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Creating a New Medina: State Power, Islam, and the Quest for Pakistan in Late Colonial North India

by Venkat Dhulipala

Publisher: Cambridge University Press

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Price (USD): $ 25.62


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About the book

This book examines how the idea of Pakistan was articulated and debated in the public sphere and how popular enthusiasm was generated for its successful achievement, especially in the crucial province of U.P. (now Uttar Pradesh) in the last decade of British colonial rule in India. It argues that Pakistan was not a simply a vague idea that serendipitously emerged as a nation-state, but was popularly imagined as a sovereign Islamic State, a new Medina, as some called it. In this regard, it was envisaged as the harbinger of Islam’s renewal and rise in the twentieth century, the new leader and protector of the global community of Muslims, and a worthy successor to the defunct Turkish Caliphate. The book specifically foregrounds the critical role played by Deobandi ulama in articulating this imagined national community with an awareness of Pakistan’s global historical significance. It demonstrates how these ulama collaborated with the Muslim League leadership and forged a new political vocabulary fusing ideas of Islamic nationhood and modern state. It, therefore, challenges three principal strands in India’s Partition historiography: scholarship on elite politics that largely sees Pakistan’s emergence as the result of breakdown of constitutional negotiations between the British government, the leaders of the Muslim League and the Indian National Congress; subaltern histories that argue that Pakistan was a vague but emotive religious symbol that found overwhelming popular support without an awareness of its meaning or implications; and finally narratives which argue that Jinnah led a secular nationalist movement to create Pakistan as a liberal democratic State. Contents List of photographs and maps Acknowledgements List of abbreviations Glossary Introduction 1. Nationalists, communalists and the 1937 provincial elections 2. Muslim mass contacts and the rise of the Muslim League 3. Two constitutional lawyers from Bombay and the debate over Pakistan in the public sphere 4. Muslim League and the idea of Pakistan in the United Provinces 5. Ulama at the forefront of politics 6. Urdu press, public opinion and controversies over Pakistan 7. Fusing Islam and state power 8. The referendum on Pakistan Epilogue Conclusion Select bibliography Index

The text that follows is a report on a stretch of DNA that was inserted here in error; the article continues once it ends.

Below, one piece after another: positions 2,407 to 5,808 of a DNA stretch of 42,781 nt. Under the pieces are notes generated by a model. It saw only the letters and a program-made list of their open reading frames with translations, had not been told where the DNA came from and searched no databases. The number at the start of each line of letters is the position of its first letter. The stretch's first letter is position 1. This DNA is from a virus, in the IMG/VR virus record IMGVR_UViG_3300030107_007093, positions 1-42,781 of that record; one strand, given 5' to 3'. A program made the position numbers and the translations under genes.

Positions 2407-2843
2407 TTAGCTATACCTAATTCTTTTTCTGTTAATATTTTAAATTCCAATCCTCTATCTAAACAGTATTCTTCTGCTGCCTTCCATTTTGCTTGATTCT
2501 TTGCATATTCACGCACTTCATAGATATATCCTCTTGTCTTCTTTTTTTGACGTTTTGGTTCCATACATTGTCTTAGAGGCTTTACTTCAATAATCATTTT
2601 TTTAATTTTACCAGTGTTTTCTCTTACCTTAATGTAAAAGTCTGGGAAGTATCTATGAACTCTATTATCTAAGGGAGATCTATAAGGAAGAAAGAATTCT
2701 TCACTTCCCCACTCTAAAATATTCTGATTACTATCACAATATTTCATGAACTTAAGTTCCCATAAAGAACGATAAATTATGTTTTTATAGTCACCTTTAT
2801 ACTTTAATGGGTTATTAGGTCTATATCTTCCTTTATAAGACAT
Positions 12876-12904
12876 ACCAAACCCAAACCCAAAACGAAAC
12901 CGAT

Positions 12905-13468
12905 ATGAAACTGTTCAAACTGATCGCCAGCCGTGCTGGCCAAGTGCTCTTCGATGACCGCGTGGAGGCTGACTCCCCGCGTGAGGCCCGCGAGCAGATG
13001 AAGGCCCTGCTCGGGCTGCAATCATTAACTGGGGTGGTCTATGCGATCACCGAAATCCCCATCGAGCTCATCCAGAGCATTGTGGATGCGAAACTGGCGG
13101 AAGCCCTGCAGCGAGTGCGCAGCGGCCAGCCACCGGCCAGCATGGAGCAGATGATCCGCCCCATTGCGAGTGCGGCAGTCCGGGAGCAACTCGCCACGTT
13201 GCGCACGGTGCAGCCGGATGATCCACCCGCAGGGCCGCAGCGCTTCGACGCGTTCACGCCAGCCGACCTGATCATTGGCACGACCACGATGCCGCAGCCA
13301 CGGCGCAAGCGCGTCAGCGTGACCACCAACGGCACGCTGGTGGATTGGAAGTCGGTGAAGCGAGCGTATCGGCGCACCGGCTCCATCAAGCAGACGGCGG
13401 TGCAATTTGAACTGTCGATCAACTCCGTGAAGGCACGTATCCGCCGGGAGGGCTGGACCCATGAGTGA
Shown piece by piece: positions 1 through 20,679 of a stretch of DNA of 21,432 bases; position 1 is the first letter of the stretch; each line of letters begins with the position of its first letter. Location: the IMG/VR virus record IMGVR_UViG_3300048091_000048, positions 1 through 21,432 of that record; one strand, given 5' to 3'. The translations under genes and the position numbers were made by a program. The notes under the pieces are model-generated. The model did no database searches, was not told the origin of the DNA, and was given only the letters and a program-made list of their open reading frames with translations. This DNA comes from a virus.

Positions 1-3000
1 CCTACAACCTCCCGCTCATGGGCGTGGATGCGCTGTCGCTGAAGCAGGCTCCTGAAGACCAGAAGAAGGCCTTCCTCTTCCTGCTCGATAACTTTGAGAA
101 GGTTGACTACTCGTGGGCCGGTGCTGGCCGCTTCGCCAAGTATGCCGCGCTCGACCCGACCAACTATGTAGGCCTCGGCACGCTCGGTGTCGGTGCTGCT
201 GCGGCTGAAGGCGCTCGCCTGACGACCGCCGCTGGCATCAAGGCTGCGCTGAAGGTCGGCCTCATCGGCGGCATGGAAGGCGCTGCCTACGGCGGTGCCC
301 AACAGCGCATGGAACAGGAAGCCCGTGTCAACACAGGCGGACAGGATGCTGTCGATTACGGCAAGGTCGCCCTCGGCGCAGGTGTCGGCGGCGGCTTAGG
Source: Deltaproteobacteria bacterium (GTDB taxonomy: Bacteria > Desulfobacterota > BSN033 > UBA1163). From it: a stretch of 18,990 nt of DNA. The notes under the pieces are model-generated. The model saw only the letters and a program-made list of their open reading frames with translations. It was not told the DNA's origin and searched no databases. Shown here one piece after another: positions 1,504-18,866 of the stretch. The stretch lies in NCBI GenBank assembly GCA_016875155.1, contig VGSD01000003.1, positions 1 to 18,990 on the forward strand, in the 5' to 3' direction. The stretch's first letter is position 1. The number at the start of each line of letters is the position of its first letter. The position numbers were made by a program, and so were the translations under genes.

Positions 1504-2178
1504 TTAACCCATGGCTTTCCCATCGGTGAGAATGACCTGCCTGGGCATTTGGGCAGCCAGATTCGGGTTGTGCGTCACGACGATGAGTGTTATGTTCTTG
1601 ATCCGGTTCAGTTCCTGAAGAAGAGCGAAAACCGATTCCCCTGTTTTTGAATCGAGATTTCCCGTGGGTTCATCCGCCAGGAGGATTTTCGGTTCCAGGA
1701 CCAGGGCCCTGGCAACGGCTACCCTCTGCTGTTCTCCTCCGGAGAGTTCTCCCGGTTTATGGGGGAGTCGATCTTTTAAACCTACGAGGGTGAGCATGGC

Details of the book

Book :
Creating a New Medina: State Power, Islam, and the Quest for Pakistan in Late Colonial North India
Book ID :
Author :
Venkat Dhulipala
ISBN 13 :
Year of Publication :
Edition :
Publisher :
Cambridge University Press
Binding :
Pages :
Size :
16 X 24 cm
Weight :
1 kg
Illustrations :
9 BW/ Illustrations

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